If the text of the constitution is silent in this regard then it is
required to examine whether such a right is implied in any
one or more of the fundamental rights in the text of the
constitution.
The international treaties and conventions with court of
other countries, dealing with the claims of right to
privacy.
The earliest cases where the constitutionality of states
action allegedly infringing the right to privacy fell for the
consideration of the US Supreme Court: Griswold et al
Connecticut
To disregard the right to privacy becoz there is
definitional uncertainty:
It cannot be done it is sufficient to go by the understanding
that the right to privacy consists of three facets. Each of
these facets is so essential for the liberty of human beings
that we should see no reason to doubt that the right to
privacy is part of the liberty by our constitution.

Each of these facets is so essential for the liberty of human


beings that I see no reason to doubt that the right to privacy
is part of the liberty guaranteed by our Constitution.
Right to livelihood under oleum pollis case is also
Aspects under right to privacy:
Forced feeding of certain persons by the state is privacy
An individuals right to refuse life prolonging medical
treatment or terminate his life is another freedom under
privacy
A womans freedom of choice whether to bear a child or
abort her pregnancy are areas which fall in the realm of
privacy
Telephoning tapping and internet hacking is another area
which falls within the realm of privacy. The instant
reference arises out of such an attempt by the Union of India
to collect bio-metric data regarding all the residents of this
country.
Fundamental rights are the only constitutional firewall to
prevent States interference with those core freedoms
constituting liberty of a human being. The right to privacy is
certainly one of the core freedoms which is to be defended.
It is part of liberty within the meaning of that expression in
Article 21.

The limitations to right to privacy:

A fr to privacy has limitations,


1. the options canvassed include an art 14 type
reasonableness enquiry.
2. Limitation as per the art19; a just fair and reasonable
basis.
3. A just fair and reasonable standard per art 21.
4. Compelling state interest.

The possibility of a privacy claim being entirely


traceable to rights other than art.21 is bleak
If the spirit of liberty permeates every claim of privacy, it is
difficult if not impossible to imagine that any standard of
limitation, other than the one under Article 21 applies as a
result the limitation in the case of right to privacy shall arise
only from (3) and (4)
S.A. BOBDE.J.

IT ARISES IN THE CONEXT OF A CONSTITUTIONAL CHALLENGE TO THE AADHAR


PROJECT

Petitioners: aadhar violates their right to privacy

Respondent: Indians could not claim this right.(m.p sharma case and kharak singh )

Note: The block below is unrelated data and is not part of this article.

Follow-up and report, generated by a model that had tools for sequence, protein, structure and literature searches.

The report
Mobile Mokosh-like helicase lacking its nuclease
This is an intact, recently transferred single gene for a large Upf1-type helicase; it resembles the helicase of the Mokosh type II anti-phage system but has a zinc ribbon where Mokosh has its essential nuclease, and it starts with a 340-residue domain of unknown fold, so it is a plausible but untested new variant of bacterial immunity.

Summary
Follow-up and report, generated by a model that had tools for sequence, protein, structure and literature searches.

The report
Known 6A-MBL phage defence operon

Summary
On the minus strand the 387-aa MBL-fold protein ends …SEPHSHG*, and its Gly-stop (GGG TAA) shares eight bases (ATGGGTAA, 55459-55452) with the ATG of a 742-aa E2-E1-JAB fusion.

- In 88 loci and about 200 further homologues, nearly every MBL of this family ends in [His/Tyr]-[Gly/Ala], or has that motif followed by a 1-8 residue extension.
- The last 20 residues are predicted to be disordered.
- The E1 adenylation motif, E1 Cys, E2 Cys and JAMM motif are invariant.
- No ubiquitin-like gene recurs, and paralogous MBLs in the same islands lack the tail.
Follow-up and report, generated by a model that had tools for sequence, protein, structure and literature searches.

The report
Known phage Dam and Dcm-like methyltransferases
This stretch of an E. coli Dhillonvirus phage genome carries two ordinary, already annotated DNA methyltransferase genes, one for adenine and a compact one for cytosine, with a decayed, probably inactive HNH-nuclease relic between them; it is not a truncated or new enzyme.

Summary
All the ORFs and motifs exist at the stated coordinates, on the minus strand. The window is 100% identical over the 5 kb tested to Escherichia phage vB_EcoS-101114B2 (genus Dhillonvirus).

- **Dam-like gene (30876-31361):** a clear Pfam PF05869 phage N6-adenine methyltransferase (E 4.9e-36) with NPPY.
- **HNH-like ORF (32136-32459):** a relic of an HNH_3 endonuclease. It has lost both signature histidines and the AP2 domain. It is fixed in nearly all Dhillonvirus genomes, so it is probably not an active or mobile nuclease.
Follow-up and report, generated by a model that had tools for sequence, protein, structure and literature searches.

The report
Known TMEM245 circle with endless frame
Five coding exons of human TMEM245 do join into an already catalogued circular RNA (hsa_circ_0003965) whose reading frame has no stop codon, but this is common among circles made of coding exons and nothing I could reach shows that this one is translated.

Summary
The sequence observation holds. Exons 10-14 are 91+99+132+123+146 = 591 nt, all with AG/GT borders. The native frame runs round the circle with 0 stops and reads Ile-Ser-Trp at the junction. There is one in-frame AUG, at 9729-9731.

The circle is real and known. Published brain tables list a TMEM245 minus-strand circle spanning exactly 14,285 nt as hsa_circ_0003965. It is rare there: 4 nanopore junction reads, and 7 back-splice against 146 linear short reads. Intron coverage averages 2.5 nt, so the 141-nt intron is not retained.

The respondents made it clear that the matter here is been refered to the bench which
was with the aadhar case, and since it raised far reaching questions of importance
involving interpretation of the conti.
If observations of mp shrma and kharak singh are to be read literally and accepted as
the law of this country, the FR guaranteed under the conti. And more particularily
art21. Would be denuded of the vigour and vitality.
At the same time we believe that the pronouncement made by the larger benches
cannot be ignored by the smaller benches without appropriately explaining the
reasons for not following the pronouncements made by such larger benches.
Controversy: the raio of MP sharma and Kharak singh is to be scrutinized and the
jurisprudential correctness of the subsequent decisions of this court relating to right to
privacy be examined and decided by a bench of appropriate strength.
To google the names of these and their opinion on right to privacy: Shri
Soli
Sorabjee, Shri Gopal Subramanium, Shri Shyam
Divan, Shri Arvind Datar, Shri Anand Grover, Shri
Sajan Poovayya, Ms. Meenakshi Arora, Shri Kapil
Sibal, Shri P.V. Surendranath and Ms. Aishwarya
Bhati
Effect of m.p. sharma and kharak singh :
This issue of privacy did not fell before the 8 judge bench in mp sharma.
Using the same reasoning that the constituent assembly chose not to subject laws
providing for search and seizure to constitutional limitations.
1. Mp sharma is unconvincing because it arrived at it conclusion without enquiry
into whether a right to privacy could exist in our constitution on an independent
footing or not, but becoz it wrongly took the us 4amd which in itself is not
absolute.
2. Kharak singh case:

It acknowledged that tho theres no clear expression in our consti. Like the uss 4th
amd but an unauthorised intrusion into a persons home and the disturbance
caused to him thereby is violation of an ultimate essential of ordered liberty.
Court aslo cited semaynes case that the house of everyone is to him as his castle
and fortress as well as for his defence against injury.
This the bench said transcends mere protection of property rights and expounds a
concept of personal liberty under art21.

The supreme court at that time did not have the advantage of two
interpretative tools.
1. R.c cooper v uoi
2. Maneka Gandhi case.
It held that the interpretation of the FR requires us to read part 3s
guarantees or rights together. It recognised the overlapping of two or more
FR
However, during the m.p sharma case AK GOpalna case interpretation